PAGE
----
Best sign-up page design examples
Since sign-up pages play a critical role in increasing conversions, designing a great sign-up takes more than just putting components on a page.
To help you stay inspired, here are some signup page examples that just make sense.
Mailchimp keeps its sign-up page short and simple. Form fields are restricted to three, and they recommend using the email address as a username. This has been mentioned earlier as good practice.
With great microcopy, they show the password requirements to users before submission.
And if you ever get an error message, you can unmask the password with a tiny eye icon to make sure you didn’t make any typos.
LeadInfo’s signup page follows a key UX design principle: simplicity.
They start with a powerful headline that highlights their customer’s pain point, then ask for an email address with a good CTA.
Visitors are assured that they can sign up for free with no upfront payment. And then, motivated with a free 14-day trial to test the product.
GetResponse uses a simple, direct language that’s free of fluff. Anyone reading this copy can easily understand their product without waiting for further explanations.
They highlight the benefits and value proposition of the product, reminding customers why they need it and the problems it’ll solve.
Plus, the brand reassures users that they can start for free without their credit card and cancel at any time they wish to. This promise of simplicity increases customers’ trust in the platform as they have to bear no risk.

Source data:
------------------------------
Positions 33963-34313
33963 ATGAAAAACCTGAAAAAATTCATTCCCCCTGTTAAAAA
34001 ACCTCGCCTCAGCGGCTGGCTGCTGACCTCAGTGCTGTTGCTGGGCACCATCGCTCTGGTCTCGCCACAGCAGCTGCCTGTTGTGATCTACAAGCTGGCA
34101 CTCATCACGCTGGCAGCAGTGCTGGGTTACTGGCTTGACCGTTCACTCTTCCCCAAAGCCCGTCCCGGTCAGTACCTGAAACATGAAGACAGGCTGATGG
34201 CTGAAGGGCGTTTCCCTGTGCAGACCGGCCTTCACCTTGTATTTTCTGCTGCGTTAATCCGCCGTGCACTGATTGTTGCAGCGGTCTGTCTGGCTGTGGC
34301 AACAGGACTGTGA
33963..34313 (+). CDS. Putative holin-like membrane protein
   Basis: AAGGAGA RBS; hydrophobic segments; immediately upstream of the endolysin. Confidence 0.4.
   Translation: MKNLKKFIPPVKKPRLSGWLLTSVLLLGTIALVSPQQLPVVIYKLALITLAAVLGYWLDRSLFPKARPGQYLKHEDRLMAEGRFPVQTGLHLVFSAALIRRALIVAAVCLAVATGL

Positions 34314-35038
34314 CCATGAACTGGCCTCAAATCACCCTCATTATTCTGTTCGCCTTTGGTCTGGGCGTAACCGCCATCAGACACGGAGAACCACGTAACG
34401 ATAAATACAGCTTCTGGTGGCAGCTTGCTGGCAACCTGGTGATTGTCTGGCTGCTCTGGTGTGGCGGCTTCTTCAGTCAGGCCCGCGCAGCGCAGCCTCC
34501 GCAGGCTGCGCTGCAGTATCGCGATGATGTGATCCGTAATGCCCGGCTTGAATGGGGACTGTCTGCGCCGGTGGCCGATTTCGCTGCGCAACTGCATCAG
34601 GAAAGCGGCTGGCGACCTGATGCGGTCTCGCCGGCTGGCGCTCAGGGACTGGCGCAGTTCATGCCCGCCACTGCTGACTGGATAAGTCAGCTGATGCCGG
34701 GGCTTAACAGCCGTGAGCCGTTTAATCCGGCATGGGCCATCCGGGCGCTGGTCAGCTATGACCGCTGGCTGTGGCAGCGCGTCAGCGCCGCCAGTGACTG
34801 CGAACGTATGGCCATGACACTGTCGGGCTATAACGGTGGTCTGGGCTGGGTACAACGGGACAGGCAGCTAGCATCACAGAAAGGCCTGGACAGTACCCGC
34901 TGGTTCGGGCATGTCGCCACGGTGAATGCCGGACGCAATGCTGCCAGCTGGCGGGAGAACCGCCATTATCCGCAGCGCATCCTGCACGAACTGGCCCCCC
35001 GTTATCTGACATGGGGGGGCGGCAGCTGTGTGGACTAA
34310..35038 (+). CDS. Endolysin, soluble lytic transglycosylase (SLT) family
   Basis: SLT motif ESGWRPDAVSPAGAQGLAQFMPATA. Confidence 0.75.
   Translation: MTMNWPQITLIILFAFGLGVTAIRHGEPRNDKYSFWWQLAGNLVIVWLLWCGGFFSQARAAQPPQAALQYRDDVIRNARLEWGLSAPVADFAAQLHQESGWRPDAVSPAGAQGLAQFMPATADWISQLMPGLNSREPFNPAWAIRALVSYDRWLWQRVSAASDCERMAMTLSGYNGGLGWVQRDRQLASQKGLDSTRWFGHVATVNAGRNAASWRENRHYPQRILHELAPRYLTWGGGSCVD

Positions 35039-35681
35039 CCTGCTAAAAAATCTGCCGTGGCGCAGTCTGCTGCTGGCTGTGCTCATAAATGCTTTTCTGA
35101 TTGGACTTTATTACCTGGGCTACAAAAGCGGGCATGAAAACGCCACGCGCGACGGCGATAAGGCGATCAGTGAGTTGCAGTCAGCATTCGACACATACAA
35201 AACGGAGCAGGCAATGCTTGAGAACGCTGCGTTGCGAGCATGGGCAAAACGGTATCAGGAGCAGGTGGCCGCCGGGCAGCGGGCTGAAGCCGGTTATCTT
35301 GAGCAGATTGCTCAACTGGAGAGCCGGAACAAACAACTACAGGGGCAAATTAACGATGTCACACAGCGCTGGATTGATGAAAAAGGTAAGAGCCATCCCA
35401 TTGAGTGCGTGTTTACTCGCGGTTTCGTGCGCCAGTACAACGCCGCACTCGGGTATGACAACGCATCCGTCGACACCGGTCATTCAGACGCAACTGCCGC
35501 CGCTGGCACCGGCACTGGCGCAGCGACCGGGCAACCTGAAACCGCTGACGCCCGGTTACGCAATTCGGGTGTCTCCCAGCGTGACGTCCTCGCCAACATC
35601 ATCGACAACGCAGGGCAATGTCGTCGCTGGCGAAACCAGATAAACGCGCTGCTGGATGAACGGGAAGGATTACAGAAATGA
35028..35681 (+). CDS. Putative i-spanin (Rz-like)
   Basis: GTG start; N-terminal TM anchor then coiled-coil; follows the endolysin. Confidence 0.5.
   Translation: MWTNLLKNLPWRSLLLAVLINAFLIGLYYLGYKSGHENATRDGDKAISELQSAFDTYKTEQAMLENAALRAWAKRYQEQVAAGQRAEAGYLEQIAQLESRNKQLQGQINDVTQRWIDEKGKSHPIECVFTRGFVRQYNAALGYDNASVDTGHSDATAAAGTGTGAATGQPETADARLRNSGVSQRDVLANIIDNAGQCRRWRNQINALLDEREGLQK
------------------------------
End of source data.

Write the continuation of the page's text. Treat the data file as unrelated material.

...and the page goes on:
As an online form builder, Typeform advocates that online forms can be beautiful, people-friendly, interactive, and built without coding.
The SSO login options make it easy to sign up. And if you already have an account, you can click on the login button to switch to the login page.
Then, there’s the image on the right that sells you an adventurous lifestyle; a life of relaxation while Typeform does the work for you.
Lastly, Typeform’s signup page reflects the company’s brand identity: simple, minimalist, and human. This should be the primary objective of every signup page.
A sign-up page plays a critical role in conversion and user retention rates. You can have the best UI design, the best user experience, and an amazing product, but without an effective sign-up form, you won’t get any conversions.
Get a Userpilot Demo and see how you can design, test, and improve your signup pages to increase conversion.